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BLOOD IS THICKER THAN WATER.

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than a mother's milk. With them, any two children nourished at the same breast are called "milk-brothers," or sucking brothers";2 and the tie between such is very strong. A boy and a girl in this relation cannot marry, even though by birth they had no family relationship. Among even the more bigoted of the Druzes, a Druze girl who is a "sucking sister" of a Nazarene boy is allowed a sister's privileges with him. He can see her uncovered face, even to the time of her marriage. But the Arabs hold that brothers in the covenant of blood are closer than brothers at a common breast; that those who have tasted each other's blood are in a surer covenant than those who have tasted the same milk together; that "blood-lickers," as the blood-brothers are sometimes called, are more truly one than "milk-brothers," or "sucking brothers"; that, indeed, blood is thicker than milk, as well as thicker than water.

3

This distinction it is which seems to be referred to in a citation from the Arabic poet El-A'asha, by the Arabic lexicographer Qamus, which has been a puzzle to Lane, and Freytag, and others. Lane's transla1 See Redhouse's Turkish and English Dictionary, s. vv. sood and soot. 2 See Lane, and Freytag, s. vv. rada 'a, and thady.

3 See reference to Ibn Hishâm, 125, in Prof. W. Robertson Smith's Old Test. in Jewish Church, Notes to Lect. XII. See, also, p. 59, infra.

* See Lane, and Freytag, s. v. sahama; also Smith's Old Test. in Jewish Church, Notes to Lect. XII.

tion of the passage is: "Two foster-brothers by the sucking of the breast of one mother, swore together by dark blood, into which they dipped their hands, that they should not ever become separated." In other words, two milk-brothers became blood-brothers by interlocking their hands under their own blood in the covenant of blood-friendship. They had been closely inter-linked before; now they were as one; for blood is thicker than milk. The oneness of nature which comes of sharing the same blood, by its inter-transfusion, is rightly deemed, by the Arabs, completer than the oneness of nature which comes of sharing the same milk; or even than that which comes through having blood from a common source, by natural descent.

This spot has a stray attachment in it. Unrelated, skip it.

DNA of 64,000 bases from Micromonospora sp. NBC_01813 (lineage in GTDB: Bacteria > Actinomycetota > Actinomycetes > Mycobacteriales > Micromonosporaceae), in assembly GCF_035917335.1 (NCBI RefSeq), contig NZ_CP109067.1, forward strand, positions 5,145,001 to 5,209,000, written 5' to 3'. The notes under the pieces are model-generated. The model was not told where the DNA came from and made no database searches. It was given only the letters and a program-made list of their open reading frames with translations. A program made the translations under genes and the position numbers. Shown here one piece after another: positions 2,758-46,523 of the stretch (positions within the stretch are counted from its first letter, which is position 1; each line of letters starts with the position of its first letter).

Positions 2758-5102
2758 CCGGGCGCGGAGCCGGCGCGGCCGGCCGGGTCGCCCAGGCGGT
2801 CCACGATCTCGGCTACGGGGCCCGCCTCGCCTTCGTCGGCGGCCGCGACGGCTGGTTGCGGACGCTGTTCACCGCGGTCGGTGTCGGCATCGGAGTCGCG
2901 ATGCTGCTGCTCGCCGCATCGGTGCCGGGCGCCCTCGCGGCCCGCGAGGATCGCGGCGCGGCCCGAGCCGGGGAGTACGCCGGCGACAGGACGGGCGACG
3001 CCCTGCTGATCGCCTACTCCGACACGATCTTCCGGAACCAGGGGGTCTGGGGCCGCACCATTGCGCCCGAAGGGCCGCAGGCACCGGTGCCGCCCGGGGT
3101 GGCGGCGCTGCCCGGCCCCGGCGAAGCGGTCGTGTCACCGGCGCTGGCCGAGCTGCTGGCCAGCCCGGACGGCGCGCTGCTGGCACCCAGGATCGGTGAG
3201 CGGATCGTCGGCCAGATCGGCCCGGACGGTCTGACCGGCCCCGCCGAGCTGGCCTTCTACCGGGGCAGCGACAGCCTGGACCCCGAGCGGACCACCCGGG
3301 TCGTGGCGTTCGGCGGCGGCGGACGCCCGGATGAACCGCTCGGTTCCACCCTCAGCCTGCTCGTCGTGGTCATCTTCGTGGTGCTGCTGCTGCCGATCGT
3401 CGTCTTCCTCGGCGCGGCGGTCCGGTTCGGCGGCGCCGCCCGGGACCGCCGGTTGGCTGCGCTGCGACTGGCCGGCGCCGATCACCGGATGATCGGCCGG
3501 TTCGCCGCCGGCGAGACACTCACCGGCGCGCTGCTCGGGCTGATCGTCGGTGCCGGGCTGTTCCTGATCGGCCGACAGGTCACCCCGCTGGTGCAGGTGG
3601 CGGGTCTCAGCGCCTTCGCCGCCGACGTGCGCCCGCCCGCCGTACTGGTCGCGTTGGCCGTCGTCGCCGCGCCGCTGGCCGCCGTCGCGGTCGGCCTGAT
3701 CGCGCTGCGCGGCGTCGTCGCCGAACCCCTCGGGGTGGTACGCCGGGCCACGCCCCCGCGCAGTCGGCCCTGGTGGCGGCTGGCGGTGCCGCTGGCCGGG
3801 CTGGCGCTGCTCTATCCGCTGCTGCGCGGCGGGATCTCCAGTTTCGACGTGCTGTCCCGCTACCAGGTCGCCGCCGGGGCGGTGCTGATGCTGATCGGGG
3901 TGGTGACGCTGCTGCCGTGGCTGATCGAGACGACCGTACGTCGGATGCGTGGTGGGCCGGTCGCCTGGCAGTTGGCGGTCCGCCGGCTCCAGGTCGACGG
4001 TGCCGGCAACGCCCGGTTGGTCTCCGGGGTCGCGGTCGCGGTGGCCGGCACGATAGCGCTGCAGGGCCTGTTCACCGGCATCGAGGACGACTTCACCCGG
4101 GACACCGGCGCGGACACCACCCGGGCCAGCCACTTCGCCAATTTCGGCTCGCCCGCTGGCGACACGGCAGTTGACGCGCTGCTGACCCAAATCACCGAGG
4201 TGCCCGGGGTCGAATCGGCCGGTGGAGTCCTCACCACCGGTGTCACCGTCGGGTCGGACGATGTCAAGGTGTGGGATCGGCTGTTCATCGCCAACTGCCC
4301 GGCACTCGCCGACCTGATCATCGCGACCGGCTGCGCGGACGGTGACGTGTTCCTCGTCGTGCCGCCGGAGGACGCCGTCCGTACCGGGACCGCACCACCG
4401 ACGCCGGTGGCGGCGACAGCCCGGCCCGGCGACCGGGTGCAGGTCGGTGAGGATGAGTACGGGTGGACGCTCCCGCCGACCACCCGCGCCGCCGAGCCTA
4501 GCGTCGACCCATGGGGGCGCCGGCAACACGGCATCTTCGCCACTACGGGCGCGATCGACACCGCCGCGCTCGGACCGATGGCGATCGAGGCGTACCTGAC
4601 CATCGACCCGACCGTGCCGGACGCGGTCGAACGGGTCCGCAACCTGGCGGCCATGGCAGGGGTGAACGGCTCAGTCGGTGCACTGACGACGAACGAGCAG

3. THE PRIMITIVE RITE IN AFRICA.

Travelers in the heart of Africa, also, report the covenant of "blood-brotherhood," or of "strong-friendship," as in vogue among various African tribes, although naturally retaining less of primitive sacredness there than among Semites. The rite is, in some cases, observed after the manner of the Syrians, by the contracting parties tasting each other's blood; while, in other cases, it is performed by the inter-transfusion of blood between the two.

The first mention which I find of it, in the writings of modern travelers in Africa, is by the lamented hero

BROTHERHOOD IN BLOOD AND BEER. 13

missionary, Dr. Livingstone. He calls the rite Kasendi. It was in the region of Lake Dilolo, at the watershed between the Indian Ocean and the Atlantic, in July, 1854, that he made blood-friendship, vicariously, with Queen Manenko, of the Balonda tribes. She was represented, in this ceremony, by her husband, the ebony "Prince Consort"; while Livingstone's representative was one of his Makololo attendants. man's right to rule-when she has the right-seems to be as clearly recognized in Central Africa, to-day, as it was in Ethiopia in the days of Candace, or in Sheba in the days of Balkees.

Wo